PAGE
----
E80pxtreeven if resolutions are not your thing, there’s still that feeling in January of wanting to get everything a bit clearer. What were the objectives again? What were we aiming for? What did we say we’d do?

So, a spate of briefings.

Several times over the last few days I’ve listened to teams, or individuals tell me what they want to happen as they look at the year ahead.

Here are the objectives, here are how we will measure them. You know the drill.
But whether big changes or little changes, the conversations have all had something in common.

Everyone’s been telling the outsider, me, what they want me to know, and do.
And then ….sort of drifting off, in a questioning way, half way through.   Truly, it’s happened 3 times in the last week, and with really smart people.  I wondered whether it might be the heating levels? Insomnia? New babies? Boredom? Or a sci-fi story come to life and I’ve actually been listening to myself?  Not sure, but I think this is what’s happening.

You know that feeling of hearing more when you get yourself into real listening mode? Of hearing the meaning behind the words?  At the best of times there’s a bit of a difference, especially in the work environment, between the words and the meaning.

The break over Christmas and New Year was a bit longer this time. (How many Boxing Days did we have?)  A bit longer to be exposed to the reality of family life, or floods, or hangovers.  That gap (I admit you do really have to be listening) between what another person is telling you and what they really want to say has been affected by this longer exposure to reality.

I think everyone is taking a bit longer to get back into business speak.

Hope it lasts.

There’s a little window to have some real conversations. A sort of January reality magic time.

To make best use of it, I recommend starting these sorts of clearing and briefing meetings with a question that’ll help everyone say what they really want to say. No, not ’what are objectives’.

Just ‘What are you thinking about at the moment?’


Penny Hunt and Change Chemistry logo imageIf you’re sitting comfortably, then…don’t.

Discomfort, in small doses, is your friend. Mine involved rubber and bells. (Now you’re worried). It started with a message colliding with a coffee cup.

The message read,  “Am in a lecture about Pavlov. It’s not very believable. Ah, that’s the lunch bell – must go”.

The coffee cup was made of rubber. It elegantly undermined any Pavlovian response to an espresso by gently collapsing between finger and thumb. And so a change of café – to a self consciously groovy café with lovely touches, like rubber cups and saucy saucers – started something.

Will new tools reinvigorate a familiar task? Can discomfort pay dividends?

Playing with an inePenny Hunt's new pen in her story "Ergonomic excitement"xpensive new fountain pen. Inky fingers. The pleasure of feeling the ink flow forms a kind of positive feedback loop. Swooping lettering – nothing to do with me – begins to appear.

That café, that day, seems to be showing that doing something with a different set of muscles, and kit, instantly energises what we do and create. It seems to change the old thinking grooves. The thing about those old grooves (ruts?) is that we may not even know how deeply we are in them, how ingrained and automatic are our expectations and behaviour patterns. It can feel so good to be hauled out of them.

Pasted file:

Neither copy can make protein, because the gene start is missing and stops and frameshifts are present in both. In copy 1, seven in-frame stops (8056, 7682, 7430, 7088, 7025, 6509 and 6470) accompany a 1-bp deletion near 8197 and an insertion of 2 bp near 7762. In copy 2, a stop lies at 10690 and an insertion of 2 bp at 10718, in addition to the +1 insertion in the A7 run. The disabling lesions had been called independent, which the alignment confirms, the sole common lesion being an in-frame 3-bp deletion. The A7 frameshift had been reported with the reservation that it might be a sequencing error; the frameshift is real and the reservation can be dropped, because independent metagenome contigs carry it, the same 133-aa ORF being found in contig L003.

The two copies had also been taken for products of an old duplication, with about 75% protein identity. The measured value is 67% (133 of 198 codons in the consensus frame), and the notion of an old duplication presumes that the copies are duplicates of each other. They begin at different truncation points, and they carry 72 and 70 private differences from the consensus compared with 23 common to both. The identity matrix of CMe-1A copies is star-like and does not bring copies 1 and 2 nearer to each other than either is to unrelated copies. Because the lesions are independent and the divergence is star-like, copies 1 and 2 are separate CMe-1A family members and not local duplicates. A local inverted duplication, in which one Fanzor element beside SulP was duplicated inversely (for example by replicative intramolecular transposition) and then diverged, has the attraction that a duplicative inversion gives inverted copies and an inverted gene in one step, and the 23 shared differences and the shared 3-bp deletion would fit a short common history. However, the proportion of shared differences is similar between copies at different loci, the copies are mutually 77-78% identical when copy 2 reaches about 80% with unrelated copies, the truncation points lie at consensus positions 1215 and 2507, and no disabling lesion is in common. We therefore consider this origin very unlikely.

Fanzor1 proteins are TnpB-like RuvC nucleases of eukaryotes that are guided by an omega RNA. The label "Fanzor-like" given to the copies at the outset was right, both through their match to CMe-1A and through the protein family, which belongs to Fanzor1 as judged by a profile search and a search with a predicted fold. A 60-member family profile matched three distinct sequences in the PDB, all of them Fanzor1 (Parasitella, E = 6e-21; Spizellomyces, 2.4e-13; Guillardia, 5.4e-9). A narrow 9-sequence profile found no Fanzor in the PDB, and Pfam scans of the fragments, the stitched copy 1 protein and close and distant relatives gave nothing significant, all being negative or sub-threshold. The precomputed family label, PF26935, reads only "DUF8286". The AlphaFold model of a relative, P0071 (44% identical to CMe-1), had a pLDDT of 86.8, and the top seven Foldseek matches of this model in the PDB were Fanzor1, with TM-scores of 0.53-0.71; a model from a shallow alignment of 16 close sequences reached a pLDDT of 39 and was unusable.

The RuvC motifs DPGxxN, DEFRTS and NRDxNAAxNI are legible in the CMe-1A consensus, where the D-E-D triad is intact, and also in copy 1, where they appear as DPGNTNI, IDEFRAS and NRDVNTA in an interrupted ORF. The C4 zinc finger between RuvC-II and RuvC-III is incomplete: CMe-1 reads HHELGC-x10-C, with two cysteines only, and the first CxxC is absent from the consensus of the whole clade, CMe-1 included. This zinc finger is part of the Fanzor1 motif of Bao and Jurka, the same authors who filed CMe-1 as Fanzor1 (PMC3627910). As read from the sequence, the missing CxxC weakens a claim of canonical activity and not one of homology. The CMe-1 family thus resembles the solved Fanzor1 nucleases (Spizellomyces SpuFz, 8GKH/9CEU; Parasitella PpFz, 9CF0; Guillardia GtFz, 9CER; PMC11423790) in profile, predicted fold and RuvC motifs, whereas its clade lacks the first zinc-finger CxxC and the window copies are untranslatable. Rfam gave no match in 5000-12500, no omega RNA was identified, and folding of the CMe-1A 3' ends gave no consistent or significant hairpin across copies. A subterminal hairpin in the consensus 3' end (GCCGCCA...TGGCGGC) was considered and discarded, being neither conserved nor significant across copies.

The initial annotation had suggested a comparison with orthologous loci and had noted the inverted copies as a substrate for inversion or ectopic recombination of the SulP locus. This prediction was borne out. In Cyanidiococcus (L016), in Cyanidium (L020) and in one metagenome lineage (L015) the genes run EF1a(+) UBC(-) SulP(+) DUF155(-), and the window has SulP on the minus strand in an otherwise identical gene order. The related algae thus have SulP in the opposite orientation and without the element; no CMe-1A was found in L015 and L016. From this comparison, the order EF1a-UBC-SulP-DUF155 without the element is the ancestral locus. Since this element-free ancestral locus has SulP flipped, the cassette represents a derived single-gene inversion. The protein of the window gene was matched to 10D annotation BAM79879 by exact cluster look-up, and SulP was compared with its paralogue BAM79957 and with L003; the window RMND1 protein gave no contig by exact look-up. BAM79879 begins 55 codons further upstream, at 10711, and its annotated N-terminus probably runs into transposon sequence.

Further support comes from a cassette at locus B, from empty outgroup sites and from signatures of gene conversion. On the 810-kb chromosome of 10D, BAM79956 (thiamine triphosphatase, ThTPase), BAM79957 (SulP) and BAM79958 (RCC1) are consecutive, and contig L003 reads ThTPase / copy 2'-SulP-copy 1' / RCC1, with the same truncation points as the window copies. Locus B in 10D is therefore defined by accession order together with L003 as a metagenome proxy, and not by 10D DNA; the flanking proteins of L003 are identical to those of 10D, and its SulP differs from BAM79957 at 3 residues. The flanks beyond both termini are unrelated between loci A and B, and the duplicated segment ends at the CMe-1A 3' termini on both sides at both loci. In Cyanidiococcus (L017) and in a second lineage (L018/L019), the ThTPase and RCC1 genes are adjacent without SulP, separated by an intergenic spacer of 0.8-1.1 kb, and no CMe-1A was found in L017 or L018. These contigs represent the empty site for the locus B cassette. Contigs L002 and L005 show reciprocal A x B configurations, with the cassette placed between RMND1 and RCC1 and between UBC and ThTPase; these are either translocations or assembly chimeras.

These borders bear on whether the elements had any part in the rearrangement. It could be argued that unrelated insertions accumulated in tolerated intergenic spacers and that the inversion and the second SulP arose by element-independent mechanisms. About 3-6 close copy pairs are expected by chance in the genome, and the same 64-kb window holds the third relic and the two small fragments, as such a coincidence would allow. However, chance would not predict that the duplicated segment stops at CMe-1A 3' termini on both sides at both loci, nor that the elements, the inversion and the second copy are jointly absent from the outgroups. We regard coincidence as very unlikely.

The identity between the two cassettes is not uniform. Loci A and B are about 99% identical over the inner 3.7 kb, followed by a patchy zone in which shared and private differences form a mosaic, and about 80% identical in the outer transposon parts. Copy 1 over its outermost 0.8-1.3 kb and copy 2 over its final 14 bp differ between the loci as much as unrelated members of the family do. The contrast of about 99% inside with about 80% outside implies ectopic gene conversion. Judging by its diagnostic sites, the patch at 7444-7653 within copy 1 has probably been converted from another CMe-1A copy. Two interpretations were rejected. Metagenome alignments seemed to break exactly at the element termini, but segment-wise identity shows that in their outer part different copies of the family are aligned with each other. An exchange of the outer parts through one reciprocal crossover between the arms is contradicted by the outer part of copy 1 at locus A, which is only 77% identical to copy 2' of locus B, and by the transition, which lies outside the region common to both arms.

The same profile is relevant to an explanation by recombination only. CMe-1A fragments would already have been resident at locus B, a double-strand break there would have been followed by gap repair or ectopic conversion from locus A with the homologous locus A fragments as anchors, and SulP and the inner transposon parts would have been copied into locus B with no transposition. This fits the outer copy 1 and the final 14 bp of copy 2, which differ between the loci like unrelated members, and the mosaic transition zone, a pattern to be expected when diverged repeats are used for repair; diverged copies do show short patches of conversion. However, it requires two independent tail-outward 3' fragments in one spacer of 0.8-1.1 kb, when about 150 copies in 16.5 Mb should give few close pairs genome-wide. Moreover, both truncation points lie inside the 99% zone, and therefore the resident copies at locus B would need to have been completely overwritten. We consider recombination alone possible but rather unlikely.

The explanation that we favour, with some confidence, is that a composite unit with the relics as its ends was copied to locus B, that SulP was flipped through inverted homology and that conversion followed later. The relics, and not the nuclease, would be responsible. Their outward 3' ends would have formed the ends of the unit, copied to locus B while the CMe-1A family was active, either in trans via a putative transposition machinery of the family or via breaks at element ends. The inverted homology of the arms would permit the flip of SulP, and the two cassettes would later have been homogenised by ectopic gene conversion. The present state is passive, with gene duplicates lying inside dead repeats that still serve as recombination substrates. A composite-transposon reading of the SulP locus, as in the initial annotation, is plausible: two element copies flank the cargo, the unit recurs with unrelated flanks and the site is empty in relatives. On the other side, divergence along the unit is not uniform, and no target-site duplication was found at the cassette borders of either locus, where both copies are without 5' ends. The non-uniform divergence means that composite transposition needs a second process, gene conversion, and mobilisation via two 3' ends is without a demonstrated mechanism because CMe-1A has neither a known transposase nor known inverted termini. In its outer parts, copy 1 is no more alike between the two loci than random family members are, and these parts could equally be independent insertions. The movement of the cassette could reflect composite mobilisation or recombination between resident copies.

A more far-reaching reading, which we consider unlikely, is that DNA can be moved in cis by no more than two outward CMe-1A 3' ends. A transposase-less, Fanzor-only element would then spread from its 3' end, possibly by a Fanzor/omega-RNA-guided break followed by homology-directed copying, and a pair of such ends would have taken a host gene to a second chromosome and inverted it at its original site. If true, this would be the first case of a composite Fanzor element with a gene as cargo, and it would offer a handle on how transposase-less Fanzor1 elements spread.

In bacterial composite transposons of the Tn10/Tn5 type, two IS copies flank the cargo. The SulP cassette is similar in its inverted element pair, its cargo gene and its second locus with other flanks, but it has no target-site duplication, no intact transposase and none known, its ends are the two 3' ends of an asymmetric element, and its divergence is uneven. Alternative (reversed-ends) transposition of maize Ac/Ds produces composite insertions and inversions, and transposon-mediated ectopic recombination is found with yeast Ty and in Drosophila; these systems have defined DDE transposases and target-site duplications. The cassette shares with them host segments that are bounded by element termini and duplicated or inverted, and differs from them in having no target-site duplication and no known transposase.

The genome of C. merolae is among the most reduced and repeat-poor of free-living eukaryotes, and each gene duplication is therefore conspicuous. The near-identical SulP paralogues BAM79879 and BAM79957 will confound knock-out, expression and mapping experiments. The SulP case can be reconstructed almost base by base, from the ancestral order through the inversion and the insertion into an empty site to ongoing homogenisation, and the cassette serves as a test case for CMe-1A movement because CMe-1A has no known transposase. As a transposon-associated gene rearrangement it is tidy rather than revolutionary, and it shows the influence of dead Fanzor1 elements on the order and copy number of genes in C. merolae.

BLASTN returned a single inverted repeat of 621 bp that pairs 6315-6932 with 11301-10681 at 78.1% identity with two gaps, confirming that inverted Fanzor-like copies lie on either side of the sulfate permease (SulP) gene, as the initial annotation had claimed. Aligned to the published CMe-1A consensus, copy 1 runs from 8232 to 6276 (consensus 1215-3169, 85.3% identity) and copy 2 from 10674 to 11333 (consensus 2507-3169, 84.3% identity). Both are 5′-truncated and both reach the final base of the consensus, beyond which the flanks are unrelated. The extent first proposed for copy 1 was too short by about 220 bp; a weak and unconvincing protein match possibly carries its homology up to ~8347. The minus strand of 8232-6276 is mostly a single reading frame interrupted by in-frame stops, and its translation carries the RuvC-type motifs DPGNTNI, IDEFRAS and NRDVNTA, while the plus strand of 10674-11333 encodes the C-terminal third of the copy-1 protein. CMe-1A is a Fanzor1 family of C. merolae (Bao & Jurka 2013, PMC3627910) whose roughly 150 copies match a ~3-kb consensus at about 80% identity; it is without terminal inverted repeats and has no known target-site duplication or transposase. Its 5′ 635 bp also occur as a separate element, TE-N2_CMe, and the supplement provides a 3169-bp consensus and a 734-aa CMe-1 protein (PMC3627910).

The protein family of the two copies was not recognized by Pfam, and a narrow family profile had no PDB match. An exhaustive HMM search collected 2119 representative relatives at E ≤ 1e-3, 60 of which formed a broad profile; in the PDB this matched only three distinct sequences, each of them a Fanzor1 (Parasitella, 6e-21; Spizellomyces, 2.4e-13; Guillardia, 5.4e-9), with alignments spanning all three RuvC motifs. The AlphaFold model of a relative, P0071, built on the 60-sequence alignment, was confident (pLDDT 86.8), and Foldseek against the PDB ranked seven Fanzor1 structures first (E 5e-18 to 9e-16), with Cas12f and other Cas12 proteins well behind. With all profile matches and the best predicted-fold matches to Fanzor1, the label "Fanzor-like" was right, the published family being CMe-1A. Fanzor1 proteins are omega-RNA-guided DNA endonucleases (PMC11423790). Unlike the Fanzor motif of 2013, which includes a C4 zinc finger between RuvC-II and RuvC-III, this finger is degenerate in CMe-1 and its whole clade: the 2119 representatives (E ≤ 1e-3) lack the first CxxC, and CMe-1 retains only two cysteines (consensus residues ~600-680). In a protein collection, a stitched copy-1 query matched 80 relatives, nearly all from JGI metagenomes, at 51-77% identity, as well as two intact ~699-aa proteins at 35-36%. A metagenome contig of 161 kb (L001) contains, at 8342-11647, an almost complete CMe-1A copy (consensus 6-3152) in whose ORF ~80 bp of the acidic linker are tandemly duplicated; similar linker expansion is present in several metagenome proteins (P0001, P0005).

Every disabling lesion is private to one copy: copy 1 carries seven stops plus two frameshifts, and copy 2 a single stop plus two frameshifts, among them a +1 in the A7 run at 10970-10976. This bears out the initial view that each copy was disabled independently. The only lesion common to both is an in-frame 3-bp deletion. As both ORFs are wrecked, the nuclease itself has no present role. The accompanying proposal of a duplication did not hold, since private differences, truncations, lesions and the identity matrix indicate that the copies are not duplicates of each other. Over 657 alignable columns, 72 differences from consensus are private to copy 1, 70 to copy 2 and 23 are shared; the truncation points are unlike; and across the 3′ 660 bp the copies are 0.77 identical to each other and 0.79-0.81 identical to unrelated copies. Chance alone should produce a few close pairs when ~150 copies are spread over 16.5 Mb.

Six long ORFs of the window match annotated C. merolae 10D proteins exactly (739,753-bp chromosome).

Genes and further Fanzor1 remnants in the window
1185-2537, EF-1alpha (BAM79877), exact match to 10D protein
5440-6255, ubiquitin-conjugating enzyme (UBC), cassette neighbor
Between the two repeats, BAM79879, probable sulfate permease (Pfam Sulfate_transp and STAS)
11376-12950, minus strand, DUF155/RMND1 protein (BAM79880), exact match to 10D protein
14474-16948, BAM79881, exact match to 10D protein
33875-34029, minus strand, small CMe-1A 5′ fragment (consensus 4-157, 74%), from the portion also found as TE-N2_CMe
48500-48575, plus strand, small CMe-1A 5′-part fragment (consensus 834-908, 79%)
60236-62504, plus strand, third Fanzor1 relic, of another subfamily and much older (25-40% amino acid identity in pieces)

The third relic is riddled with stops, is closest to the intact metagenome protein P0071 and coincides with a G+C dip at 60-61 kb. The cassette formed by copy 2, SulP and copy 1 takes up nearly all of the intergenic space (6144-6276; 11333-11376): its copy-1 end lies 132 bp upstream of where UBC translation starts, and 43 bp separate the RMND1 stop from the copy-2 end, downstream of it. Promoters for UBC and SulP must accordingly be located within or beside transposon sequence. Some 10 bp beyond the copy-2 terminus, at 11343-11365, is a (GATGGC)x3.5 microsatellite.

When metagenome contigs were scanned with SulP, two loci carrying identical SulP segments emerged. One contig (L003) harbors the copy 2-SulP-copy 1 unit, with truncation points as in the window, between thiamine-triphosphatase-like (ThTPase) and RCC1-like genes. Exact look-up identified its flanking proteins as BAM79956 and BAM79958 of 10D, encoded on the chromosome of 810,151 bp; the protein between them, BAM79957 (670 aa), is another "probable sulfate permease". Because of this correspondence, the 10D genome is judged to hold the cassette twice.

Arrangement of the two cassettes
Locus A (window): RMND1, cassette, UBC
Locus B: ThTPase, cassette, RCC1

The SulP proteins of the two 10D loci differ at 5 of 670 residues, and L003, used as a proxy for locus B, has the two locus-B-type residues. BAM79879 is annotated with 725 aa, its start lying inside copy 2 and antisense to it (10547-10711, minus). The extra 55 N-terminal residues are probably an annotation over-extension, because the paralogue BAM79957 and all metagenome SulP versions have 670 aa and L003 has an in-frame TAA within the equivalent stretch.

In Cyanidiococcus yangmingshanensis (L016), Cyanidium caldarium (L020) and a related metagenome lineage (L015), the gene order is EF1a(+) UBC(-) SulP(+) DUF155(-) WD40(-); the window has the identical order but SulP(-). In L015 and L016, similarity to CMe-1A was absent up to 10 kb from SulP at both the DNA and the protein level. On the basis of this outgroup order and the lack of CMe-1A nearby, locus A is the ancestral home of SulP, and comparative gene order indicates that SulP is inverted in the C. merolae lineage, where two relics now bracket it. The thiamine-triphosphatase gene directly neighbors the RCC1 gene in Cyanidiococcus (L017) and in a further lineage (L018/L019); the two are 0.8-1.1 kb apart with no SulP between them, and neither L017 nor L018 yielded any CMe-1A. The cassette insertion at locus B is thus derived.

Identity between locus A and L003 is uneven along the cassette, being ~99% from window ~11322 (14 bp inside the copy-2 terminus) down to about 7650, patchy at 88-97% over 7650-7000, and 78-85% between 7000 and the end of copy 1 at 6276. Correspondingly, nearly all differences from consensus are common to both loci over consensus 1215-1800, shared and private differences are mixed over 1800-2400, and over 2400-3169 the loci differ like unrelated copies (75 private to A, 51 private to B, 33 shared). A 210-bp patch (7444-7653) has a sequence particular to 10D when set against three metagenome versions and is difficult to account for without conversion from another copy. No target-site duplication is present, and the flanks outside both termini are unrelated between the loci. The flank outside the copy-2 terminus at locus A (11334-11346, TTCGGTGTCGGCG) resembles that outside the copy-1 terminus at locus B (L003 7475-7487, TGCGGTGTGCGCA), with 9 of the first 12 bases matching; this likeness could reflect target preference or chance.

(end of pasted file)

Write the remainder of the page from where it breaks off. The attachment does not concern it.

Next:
I was in a cinema where the audience mood was just beginning to turn ugly. The start of the film was now very overdue. The mood/ behaviour curve in this sort of situation is predictable, no? (Just to be clear: this was SW19, so for ‘turn ugly’ read perhaps ‘cough’). A shadowy female figure from the young and friendly staff loitered at the door to speak to the restive audience. She hypnotised that antsy lot as if by magic. The completely unexpected, gently seductive, French voice was so effective that whimpers of pleasure could be heard from the front row. Charm to disarm.

At the other end of the severity and danger spectrum: the Ukraine. Could different kit, different muscles help leaders defuse that situation? If Putin and Kerry and Hague found themselves sitting at a café table where a cup demanded two hands and gentleness, or the saucer squeaked if handled too roughly, might a different thinking groove appear? That situation is becoming so serious. War seems so possible and real. But how tempting to imagine ways to defuse things – soldiers armed with ukuleles or cut flowers, or those leaders offering each other cake.

Kerry Putin and Hague might just stop for cake in Penny Hunt's drawing of her cafeChina breaks, rubber bends- the brain works differently.

Or use a different way to communicate? A colleague sent a link to another way to make the familiar seem new, a clever new app that will help turn words into short video messages – http://www.wordeo.com . Different kit, different thinking, different outcome.

Had Putin and Kerry come into the café at that moment they might have overheard something so simple and so helpful.

I had nearly mastered the coffee cup (other hand, gentle grip). But at another table, a groove had been moved as the group laughed at a strangely bendy knife.

Those scones were going to be tricky to share.

Let’s see if there’s another way of going about this

they said to each other.